Find Greater Health in Unexpected Ways | Omega

New research shows that feelings like awe and forgiveness, along with exposure to nature, have a profound effect on our physical well-being.

A beautiful sunrise that suffuses you with peace. A painting that inspires you and moves you to create your own art. The clear night sky whose expanse of stars makes you feel insignificant and significant at the same time.

While it may be difficult to put these experiences into words, there are times when you feel a connection happening inside. It’s as if seemingly separate parts of yourself come together, or everything between you and the rest of the world dissolves, and suddenly you feel acutely alive.

Recent research into these states of harmony has discovered they are an important key to unlocking greater physical health.

The Awe Factor

study from U.C. Berkeley examined the link between happy moments and healthy bodies. It looked at the amazement and awe people feel when they "are touched by the beauty of nature, art, and spirituality."

“Our findings demonstrate that positive emotions are associated with the markers of good health,” said Jennifer Stellar, lead author of the study.

The study showed that beyond good nutrition, sleep, and exercise, emotion is an essential ingredient in the recipe for health. It turns out that “positive” emotions trigger an anti-inflammatory effect in the body and immune system.

“A walk in nature, losing oneself in music, beholding art—has a direct influence upon health and life expectancy,” said Berkeley psychologist Dacher Keltner, a coauthor of the study.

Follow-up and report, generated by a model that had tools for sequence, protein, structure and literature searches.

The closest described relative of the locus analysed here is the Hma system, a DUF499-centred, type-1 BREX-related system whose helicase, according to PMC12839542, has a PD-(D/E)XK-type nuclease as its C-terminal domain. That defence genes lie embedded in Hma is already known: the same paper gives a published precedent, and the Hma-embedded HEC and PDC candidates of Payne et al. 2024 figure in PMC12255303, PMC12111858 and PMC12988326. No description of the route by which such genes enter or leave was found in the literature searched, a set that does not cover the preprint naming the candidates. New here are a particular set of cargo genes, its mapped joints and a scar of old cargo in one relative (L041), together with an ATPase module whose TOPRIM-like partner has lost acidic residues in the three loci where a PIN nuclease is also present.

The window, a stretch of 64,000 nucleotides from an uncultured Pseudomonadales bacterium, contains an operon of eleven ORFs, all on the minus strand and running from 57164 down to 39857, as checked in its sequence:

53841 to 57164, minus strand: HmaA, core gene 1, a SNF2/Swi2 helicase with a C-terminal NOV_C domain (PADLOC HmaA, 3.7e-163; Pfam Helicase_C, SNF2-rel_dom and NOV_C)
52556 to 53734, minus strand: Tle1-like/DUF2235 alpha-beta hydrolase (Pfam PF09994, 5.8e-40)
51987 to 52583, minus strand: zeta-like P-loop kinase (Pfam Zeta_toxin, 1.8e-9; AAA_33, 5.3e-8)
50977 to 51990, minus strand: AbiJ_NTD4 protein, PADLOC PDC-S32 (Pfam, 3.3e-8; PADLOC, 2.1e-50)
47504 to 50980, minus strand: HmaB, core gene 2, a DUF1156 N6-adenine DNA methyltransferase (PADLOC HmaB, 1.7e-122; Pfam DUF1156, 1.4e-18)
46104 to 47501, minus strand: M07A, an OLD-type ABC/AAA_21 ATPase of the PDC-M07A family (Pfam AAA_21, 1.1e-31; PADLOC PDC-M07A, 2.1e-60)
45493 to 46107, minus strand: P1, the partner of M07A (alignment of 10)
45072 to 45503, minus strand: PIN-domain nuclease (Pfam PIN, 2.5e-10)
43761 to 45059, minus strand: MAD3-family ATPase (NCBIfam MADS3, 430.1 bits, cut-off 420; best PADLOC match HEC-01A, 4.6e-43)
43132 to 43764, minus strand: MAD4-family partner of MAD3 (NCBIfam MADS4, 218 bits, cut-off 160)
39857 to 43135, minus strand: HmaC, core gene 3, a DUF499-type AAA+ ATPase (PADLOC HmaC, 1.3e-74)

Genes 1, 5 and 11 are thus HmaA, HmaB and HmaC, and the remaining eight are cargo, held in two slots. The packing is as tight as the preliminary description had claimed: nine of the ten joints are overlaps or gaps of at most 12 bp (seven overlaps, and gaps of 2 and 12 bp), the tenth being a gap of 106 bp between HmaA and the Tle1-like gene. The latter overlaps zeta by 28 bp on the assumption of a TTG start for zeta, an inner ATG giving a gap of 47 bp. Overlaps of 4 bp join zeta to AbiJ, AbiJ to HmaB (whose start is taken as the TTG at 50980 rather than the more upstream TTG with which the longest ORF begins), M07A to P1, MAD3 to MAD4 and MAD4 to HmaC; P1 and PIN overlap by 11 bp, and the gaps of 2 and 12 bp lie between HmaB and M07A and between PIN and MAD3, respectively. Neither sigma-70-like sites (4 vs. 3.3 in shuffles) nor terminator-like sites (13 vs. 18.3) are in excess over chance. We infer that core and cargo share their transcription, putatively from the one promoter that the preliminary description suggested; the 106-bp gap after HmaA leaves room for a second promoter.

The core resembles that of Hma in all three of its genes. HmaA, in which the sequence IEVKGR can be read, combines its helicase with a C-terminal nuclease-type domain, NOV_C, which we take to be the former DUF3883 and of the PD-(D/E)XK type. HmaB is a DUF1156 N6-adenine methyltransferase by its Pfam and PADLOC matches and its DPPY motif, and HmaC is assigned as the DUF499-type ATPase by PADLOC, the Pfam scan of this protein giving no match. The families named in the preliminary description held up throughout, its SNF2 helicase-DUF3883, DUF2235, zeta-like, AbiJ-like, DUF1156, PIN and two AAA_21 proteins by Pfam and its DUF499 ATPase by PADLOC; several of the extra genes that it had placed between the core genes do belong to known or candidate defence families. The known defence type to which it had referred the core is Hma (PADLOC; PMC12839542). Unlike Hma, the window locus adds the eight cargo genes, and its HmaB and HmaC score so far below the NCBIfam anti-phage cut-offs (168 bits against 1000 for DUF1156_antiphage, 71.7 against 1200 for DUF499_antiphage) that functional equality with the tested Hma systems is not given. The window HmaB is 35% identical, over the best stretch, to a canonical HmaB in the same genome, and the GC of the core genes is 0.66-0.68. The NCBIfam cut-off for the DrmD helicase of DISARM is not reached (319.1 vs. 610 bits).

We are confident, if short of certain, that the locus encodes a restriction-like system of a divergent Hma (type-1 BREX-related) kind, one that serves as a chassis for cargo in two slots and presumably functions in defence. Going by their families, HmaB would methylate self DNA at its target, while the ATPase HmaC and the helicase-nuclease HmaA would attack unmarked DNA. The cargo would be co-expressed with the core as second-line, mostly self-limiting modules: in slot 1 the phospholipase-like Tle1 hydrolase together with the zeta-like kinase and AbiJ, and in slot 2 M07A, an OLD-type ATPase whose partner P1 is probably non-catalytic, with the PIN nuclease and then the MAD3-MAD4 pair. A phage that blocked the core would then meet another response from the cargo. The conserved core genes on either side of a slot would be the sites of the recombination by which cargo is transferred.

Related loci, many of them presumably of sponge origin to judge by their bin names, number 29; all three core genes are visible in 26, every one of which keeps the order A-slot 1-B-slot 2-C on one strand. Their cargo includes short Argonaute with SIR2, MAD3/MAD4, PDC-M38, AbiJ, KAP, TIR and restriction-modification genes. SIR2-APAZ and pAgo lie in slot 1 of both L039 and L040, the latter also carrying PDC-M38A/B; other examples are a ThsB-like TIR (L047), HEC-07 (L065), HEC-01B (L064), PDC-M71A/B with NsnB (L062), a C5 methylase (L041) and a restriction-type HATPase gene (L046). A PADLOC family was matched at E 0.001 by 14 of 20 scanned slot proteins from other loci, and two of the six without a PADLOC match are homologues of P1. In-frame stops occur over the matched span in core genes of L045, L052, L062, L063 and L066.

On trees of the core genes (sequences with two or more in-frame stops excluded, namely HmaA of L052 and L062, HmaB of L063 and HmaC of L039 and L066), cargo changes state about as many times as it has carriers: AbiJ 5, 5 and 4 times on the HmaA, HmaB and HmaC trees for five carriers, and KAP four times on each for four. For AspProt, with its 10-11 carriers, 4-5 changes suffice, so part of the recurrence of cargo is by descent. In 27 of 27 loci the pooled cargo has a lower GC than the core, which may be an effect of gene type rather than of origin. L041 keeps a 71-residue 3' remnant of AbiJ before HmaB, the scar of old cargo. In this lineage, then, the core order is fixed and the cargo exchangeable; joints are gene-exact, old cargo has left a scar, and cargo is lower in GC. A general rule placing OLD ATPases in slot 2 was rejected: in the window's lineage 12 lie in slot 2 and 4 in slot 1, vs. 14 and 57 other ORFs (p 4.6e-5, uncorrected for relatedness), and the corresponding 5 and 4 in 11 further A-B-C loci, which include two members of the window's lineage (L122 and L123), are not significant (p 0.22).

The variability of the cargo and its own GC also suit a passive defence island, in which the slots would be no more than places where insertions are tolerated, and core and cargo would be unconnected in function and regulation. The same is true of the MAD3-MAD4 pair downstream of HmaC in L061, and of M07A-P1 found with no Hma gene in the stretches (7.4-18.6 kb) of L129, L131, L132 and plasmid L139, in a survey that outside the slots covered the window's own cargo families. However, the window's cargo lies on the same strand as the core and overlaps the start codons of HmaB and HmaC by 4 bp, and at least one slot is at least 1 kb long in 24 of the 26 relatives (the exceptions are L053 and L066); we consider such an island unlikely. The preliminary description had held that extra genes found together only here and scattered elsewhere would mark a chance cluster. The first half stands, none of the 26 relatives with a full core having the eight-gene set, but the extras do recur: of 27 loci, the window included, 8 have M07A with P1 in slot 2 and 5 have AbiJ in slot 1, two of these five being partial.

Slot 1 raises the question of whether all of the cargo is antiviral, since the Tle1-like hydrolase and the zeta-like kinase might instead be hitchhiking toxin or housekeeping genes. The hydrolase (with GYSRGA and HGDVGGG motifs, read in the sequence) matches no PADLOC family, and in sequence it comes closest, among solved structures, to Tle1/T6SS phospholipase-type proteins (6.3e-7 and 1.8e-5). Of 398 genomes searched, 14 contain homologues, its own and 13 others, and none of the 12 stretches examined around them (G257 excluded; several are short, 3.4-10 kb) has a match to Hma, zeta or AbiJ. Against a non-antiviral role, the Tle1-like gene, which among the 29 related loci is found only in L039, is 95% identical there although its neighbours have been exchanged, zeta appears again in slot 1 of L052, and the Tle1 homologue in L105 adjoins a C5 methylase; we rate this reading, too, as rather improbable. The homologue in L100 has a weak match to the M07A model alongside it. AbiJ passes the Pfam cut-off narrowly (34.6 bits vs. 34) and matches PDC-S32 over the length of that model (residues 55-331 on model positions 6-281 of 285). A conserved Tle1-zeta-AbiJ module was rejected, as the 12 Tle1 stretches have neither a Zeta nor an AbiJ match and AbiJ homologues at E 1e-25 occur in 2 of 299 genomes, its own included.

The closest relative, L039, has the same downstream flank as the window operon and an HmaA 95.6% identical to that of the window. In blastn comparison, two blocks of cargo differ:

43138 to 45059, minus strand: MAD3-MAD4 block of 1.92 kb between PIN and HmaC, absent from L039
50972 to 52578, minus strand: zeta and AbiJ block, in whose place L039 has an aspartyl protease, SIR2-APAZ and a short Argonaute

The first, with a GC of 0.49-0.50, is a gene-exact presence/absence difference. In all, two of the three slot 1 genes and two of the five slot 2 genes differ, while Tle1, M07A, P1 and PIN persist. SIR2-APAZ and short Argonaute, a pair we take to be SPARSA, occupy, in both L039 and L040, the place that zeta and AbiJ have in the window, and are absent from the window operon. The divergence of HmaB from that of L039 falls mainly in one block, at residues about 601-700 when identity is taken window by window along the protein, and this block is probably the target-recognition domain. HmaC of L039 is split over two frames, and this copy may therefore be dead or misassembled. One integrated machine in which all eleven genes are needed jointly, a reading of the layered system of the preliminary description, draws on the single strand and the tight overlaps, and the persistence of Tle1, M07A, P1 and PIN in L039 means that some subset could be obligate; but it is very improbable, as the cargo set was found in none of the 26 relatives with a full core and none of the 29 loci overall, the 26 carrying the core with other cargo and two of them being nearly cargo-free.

Stellar explains, “Awe is associated with curiosity and a desire to explore, suggesting antithetical behavioral responses to those found during inflammation, where individuals typically withdraw from others in their environment.” 

Forgiving Is Good for Your Heart

Feeling hurt and disappointed can be a huge mental and physical burden. Forgiveness, while a seemingly psychological exercise, can actually improve the health of the physical body. The act of forgiveness has been shown to lower blood pressure, reduce risk of heart attack, improve cholesterol and sleep, and provide pain relief.

Karen Swartz, director of the Mood Disorders Adult Consultation Clinic at The Johns Hopkins Hospital, recommends forgiveness. “It [forgiveness] is an active process in which you make a conscious decision to let go of negative feelings whether the person deserves it or not,” Swartz said.

Once we make a choice to forgive a person, we can empathize with them. That seemingly external connection helps to release an internal burden, making room for better emotional and physical health.

The Natural Way

We intuitively know the power of a walk outside to get fresh air and clear our heads. From Thoreau to Cheryl Strayed, writers have extolled the healing powers of nature for centuries. 

Today, the Walk Off the War program for veterans transitioning from their military service also emphasizes the therapeutic benefits of walking in nature to help decompress and return to civilian life. 

Research has found many physical benefits to spending time outside, including strengthening our immune systems. Forest bathing has been recognized as a therapeutic practice since the 1980s by Japan's Forest Agency. The health benefits for kids spending time outside has been well-documented, too.

If you can't get outside, it turns out seeing nature from your window can still help. According to research, patients recover from surgery faster and have fewer post-surgical complications when they have a view of nature from their room.

And preliminary data indicates that there is a positive effect on behavior and health of prisoners who are unable to see outside, when they are shown images and videos of the natural world. 

We may not know exactly how these experiences make us more healthy, but since we know they do, we can intentionally practice them as part of living a healthy life.

© 2015 Omega Institute for Holistic Studies

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